Hungary, Part II: Reason for Hope

by David E. Shellenberger on May 27, 2012

In “Hungary, Part I: A Troubled Country,” we reviewed the threat to liberty represented by the country’s current government. Here, we discuss why there is cause for hope. (The views expressed in both parts of the article are strictly the author’s, except as otherwise reflected.)

Atlas Economic Research Foundation

In countries around the world, there are people who share the ideals of liberty. I have had the privilege of meeting many of them through supporting Atlas Economic Research Foundation (also known as the Atlas Network) and attending its events. Atlas “is a nonprofit organization connecting a global network of more than 400 free-market organizations in over 80 countries to the ideas and resources needed to advance the cause of liberty.” I have written about Atlas’s good work here, here, and here.

One of the people I met at the Atlas Liberty Forum and Freedom Dinner in New York City last November was Zoltán Kész of Hungary. We had a good discussion about Hungary and the need to restore its liberty.

I saw Mr. Kész again in April at the Atlas Experience event in Colorado Springs. As always, the program was informative and inspirational, and it was a pleasure to see old friends and make new ones.  Mr. Kész was among the new graduates of Atlas’s Think Tank MBA program who attended the event.  This month, he was named the first graduate of the Atlas Leadership Academy.

Zoltán Kész and the author at Atlas Experience 2012

Hungarian Free Market Foundation

Mr. Kész co-founded the Hungarian Free Market Foundation. He described his aspiration for a free and peaceful country in a presentation at the Atlas Experience event.  The foundation’s website for blogging is Kapitalizmus (Capitalism) [update on Oct. 8, 2012: blog subsequently moved here], and its main website is pending. [Update on March 15, 2013: main website is here.]

In the following edited interview with Mr. Kész, conducted by email, we learn more about him and the foundation.

What is your own background?

Originally I was a teacher. I have taught at both the high school and university level. I have also taught in the U.S. In 2000/01, I was a Fulbright teacher in California, where I taught American History.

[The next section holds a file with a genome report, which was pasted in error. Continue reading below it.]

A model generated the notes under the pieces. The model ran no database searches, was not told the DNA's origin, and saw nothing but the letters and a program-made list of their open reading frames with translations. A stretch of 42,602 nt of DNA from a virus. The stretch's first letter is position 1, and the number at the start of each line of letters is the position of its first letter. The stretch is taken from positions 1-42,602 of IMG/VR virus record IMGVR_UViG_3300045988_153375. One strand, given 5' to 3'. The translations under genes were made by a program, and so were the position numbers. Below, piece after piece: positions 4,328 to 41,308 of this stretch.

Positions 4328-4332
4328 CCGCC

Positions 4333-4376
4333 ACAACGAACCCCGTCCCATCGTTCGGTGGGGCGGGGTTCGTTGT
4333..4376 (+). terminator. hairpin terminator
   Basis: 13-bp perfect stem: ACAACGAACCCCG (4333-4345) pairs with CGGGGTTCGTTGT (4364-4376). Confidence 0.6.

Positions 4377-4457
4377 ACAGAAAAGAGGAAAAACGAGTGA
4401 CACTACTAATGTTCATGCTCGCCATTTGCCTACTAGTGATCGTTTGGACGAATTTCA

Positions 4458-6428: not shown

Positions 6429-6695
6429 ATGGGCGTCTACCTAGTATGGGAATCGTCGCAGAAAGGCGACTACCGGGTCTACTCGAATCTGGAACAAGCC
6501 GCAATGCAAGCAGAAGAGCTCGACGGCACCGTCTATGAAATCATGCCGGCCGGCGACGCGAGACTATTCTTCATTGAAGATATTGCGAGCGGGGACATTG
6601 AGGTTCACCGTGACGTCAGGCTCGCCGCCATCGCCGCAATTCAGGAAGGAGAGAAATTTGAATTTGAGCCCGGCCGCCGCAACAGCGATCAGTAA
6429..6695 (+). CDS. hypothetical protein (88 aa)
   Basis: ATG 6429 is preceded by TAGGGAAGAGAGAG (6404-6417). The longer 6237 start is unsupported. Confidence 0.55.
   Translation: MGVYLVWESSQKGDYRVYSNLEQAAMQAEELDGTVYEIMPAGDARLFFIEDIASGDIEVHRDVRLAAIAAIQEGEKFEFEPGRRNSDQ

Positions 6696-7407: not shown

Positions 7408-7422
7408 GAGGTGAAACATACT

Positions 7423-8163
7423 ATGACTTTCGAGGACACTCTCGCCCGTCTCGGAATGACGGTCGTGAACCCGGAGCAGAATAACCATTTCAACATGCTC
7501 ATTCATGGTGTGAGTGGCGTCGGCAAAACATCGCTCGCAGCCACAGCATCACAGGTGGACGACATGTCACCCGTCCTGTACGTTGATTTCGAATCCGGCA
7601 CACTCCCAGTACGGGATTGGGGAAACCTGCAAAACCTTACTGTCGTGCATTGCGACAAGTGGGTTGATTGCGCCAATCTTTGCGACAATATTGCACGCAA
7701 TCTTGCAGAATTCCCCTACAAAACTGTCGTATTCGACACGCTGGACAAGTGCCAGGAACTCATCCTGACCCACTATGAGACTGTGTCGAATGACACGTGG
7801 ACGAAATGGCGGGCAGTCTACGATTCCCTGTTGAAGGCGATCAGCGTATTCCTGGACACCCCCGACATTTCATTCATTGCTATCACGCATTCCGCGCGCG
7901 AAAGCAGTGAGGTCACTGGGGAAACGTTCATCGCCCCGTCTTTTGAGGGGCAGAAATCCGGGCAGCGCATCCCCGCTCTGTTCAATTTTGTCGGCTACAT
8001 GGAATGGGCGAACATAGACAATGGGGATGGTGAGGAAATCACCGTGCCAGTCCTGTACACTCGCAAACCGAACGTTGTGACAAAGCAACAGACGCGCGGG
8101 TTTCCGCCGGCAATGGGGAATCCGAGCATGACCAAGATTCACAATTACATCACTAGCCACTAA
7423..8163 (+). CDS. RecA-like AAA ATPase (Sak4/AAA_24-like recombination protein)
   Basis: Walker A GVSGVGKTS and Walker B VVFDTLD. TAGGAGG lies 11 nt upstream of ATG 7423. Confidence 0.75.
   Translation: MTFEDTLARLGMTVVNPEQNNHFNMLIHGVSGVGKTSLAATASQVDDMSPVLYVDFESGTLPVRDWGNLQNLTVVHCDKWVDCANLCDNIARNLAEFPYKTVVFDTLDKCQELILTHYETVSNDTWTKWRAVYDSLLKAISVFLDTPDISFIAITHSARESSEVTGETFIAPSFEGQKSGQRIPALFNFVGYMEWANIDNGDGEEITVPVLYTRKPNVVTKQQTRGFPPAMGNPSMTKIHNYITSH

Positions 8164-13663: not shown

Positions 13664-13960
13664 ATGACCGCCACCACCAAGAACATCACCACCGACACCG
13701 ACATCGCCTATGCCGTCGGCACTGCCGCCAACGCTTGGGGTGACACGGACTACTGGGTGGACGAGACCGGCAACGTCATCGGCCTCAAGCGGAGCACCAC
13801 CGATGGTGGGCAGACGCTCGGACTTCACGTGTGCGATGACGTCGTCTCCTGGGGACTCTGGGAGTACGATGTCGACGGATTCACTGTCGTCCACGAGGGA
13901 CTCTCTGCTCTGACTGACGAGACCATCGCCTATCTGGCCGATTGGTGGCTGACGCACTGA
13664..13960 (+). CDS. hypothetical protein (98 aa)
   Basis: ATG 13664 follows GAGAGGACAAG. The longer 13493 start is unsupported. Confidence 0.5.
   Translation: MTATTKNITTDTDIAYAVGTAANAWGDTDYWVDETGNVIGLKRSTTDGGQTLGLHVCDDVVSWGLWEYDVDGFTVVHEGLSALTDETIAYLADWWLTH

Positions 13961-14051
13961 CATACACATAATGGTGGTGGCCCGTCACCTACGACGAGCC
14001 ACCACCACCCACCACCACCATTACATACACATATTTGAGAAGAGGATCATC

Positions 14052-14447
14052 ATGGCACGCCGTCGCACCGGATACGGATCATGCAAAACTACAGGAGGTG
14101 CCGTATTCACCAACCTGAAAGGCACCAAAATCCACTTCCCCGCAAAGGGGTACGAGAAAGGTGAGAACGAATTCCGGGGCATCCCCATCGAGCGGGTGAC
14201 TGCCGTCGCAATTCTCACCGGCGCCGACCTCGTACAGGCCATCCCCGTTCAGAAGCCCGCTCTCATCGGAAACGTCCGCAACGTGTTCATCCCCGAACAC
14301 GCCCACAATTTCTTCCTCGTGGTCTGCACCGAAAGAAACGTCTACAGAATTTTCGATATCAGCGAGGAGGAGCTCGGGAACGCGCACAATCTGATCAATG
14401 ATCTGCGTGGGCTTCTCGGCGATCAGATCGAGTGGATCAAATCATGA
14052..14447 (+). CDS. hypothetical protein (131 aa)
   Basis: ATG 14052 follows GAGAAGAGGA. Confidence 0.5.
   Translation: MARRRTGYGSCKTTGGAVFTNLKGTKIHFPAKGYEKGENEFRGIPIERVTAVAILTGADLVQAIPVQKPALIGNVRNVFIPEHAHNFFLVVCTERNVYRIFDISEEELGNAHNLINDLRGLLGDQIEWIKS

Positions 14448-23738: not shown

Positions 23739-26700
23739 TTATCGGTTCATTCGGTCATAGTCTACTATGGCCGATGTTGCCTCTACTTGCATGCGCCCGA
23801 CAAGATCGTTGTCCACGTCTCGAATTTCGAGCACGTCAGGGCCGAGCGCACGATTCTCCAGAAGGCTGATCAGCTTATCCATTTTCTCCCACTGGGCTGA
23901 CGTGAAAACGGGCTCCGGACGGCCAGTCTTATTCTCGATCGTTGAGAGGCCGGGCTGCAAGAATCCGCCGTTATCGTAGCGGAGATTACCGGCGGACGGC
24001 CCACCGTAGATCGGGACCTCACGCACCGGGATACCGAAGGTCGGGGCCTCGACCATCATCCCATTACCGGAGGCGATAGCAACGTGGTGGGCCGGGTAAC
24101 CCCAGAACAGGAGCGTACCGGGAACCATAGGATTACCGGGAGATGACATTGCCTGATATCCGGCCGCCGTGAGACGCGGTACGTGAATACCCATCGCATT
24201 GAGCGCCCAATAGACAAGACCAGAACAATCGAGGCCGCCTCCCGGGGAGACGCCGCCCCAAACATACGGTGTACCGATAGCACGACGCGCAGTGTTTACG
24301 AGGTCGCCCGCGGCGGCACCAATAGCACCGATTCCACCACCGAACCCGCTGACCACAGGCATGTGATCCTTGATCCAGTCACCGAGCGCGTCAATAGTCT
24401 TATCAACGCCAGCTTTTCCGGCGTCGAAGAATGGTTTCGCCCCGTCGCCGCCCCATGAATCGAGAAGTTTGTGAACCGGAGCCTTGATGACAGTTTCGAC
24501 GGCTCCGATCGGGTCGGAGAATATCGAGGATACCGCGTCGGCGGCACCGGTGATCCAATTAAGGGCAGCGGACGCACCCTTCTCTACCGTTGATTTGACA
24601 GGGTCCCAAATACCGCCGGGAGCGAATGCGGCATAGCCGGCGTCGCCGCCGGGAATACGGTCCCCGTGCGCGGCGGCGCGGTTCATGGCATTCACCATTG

What made you decide to launch the foundation?

I was inspired by several people in the past five years, including Tom Palmer, Lawrence Reed, and Tanja Štumberger. They were the ones who helped me believe that I can also make a change. In the past two decades, Hungary has seen democracy develop and work, but then we also saw how the country has sunk back to socialism and corruption.

What is the foundation’s mission?

Our mission is to represent, defend, and advance free market values, ideas, and policies in Hungary and among speakers of the Hungarian language.

You are planning an educational program to reach all the secondary schools in Hungary. How will this program work?

Hungarian high school and university students know very little about free market economics, individual rights, and responsibilities. We have the teaching material provided by the Free to Choose Network, and also we have lots of books and CDs that we can provide to students. We will visit as many schools as possible and give presentations about these topics.  Students will be shown that there are alternatives to the present economic policies.

What are your hopes for the future of Hungary?

My hopes are that people would be more responsible on both individual and societal levels. My dream is to see politicians come up with real programs and not only unfunded promises of redistribution of wealth. My country has a lot of potential. I would like it to be used sensibly. I would like to see my country getting rid of extreme nationalism and corruption and would like to see a return to the rule of law.

Helping Hungary

Mr. Kész has prepared a letter discussing the Hungarian Free Market Foundation’s plans, and seeking contributions. Donations made via Atlas, designated for the foundation, may be made either online or by mail:

Atlas Economic Research Foundation
Attn: Erin Grant
1201 L Street NW
Washington, DC 20005

I invite you to join me in making an investment in a better future for Hungary.

Previous post:

Next post: